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7

There are trim screws with very small heads. They come in stainless steel. The trim needs very little support so the small heads are not a structural problem. A woodworker's technique is to use a small sharp gouge (a curved chisel) to lift a small patch of surface from the wood, bend it back, drive a trim screw in the divot created by the gouge, and then ...


3

You can screw a thinner piece of plywood to the wall then glue the oak as a veneer over it. You can actually get very thin veneers of oak that are specifically for this purpose at specialty woodworking stores. Be sure to fill in the screwholes with putty before veneering as the screwholes will telegraph through the veneer over time.


2

I'll try to take your questions one-by-one. You have two easy options for leveling the chalk line. The first would be to use a carpenter's level; you'd measure 34" from the floor at one end of the bench-to-be, then hold a long 2x4 to the studs with one end right at the mark. Lay your level on the top of the 2x4 and tip the 2x4's other (not at a mark) end ...


2

The proper way to do what you want is to First, get a plug cutter of the appropriate size for your fastener, such as one of these Drill the hole(s) for the fasteners. Then, depending on the type of fastener you're using, either counterbore or countersink the fastener hole so the head of the fastener is sufficiently recessed. Set your fasteners. Cut face ...


1

It is inside the house in a controlled environment, the expansion/contraction of the wood should be fairly minimized. Use a flexible adhesive like clear silicone, make sure you get the type that says it cures crystal clear. Put a few nice big dollops and it will hold. Not sure I like the idea of a large unprotected sheet of glass around a couple of 7 year ...


1

Suction cups are used with success in this situation. Search for "glass table suction cups". The cups have a small cylindrical nub that sits in a hole you will have to drill for each cup. You should only need about four. With the suction cups, the table would be secure, would have some (minimal) give when struck, and would be easy to replace.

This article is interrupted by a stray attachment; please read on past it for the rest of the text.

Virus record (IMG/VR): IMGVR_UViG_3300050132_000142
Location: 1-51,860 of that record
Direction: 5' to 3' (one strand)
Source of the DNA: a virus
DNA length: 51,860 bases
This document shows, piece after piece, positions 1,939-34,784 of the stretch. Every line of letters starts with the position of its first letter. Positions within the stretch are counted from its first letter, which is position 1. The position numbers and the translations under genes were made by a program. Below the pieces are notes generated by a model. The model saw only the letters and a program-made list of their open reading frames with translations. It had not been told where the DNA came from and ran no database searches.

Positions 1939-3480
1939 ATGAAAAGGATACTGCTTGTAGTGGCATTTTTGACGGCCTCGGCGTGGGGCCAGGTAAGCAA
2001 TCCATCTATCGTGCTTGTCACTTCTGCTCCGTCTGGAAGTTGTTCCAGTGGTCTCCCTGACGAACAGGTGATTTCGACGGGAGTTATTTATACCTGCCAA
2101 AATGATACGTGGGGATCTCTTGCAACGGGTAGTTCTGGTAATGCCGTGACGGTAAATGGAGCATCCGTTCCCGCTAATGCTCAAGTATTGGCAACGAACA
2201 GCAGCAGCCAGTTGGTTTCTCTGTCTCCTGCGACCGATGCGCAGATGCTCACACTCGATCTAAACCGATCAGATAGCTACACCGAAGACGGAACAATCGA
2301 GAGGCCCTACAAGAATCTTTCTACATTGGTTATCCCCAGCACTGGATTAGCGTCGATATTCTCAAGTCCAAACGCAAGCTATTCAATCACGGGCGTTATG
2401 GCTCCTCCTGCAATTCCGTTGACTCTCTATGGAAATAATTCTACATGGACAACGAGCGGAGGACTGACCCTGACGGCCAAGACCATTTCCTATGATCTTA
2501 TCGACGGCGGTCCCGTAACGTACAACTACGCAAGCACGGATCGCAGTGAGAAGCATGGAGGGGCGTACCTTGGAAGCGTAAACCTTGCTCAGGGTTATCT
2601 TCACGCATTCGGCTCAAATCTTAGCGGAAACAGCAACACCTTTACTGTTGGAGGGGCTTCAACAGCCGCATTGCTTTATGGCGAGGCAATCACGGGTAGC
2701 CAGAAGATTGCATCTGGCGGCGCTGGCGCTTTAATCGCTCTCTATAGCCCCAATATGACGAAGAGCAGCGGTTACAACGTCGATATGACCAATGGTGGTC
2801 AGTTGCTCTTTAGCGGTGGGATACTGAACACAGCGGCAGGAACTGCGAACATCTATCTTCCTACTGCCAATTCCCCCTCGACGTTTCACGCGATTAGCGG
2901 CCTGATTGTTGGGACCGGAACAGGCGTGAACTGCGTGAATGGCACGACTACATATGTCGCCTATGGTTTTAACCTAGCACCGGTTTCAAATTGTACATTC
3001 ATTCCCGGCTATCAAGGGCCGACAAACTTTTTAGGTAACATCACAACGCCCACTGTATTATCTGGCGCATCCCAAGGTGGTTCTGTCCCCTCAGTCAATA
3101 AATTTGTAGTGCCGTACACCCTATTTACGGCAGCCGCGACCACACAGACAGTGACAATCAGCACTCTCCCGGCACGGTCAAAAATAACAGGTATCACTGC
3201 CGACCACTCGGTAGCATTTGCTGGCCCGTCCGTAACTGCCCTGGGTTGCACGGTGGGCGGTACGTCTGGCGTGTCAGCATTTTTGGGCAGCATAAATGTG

1

I think your two choices are make the shelf stiffer by making it thicker support the shelf more inventively. An example of the former would be to make the shelf into a T-beam (or use keshlam's suggestion of a torsion box) An example of the latter might be support wires up to the top of the wall or to the ceiling, or a glass-brick pillar, or a wooden ...


1

Your best bet is to first strip the opening with some pine boards that you can screw in place to the studs with whatever fasteners that are feasible and can be countersunk. Make sure these boards are nice and flat and even. Then install the oak finish trim on top the pine using a contact cement. This way you will have no fasteners showing at all.


1

Pocket screws are NEVER adequate for structural support. Something like this bed should be assembled with lags and carriage bolts, or better yet, Simpson brackets. Having said that, the most important joint in this piece is the connection between the bed rails and the posts so you could just use a combination of ship laps and bed bolts at those ...


1

When I built my similar workbench, I let the 2 x 4 around the outside stand 1/4" above the surface of the bench, and then cut a piece of masonite as a replaceable bench top. Masonite with a coat of clear varnish makes a nice surface and I have replaced it 2 or 3 times.


1

Try using oxalic acid - you may be able to buy it at the local hardware store as "wood bleach"; it comes in crystal form to be mixed with water. Pity, though, to take that marvelous color out of sapele! Good thing you didn't buy bloodwood (muninga) or redheart... 8)


1

The maximum load you can place on a relatively slender column such as a table leg is usually dictated by the buckling strength, rather than the compressive strength. The critical load can be calculated using Euler's formula applied to a fixed-free column: Pcr= (pi^2*EI)/(f*Le^2) where E is the modulus of elasticity I is the area moment of inertia ...


1

That's a hard thing to google. I can offer 2 possible approaches: 1.) I think you could do something like these doors with battens: http://www.appletree.me.uk/ledge&%20Brace1.GIF . You would have to turn the battens 90 degrees from the drawing since your facing boards are horizontal. The most important part would be the vertical battens on the left and ...



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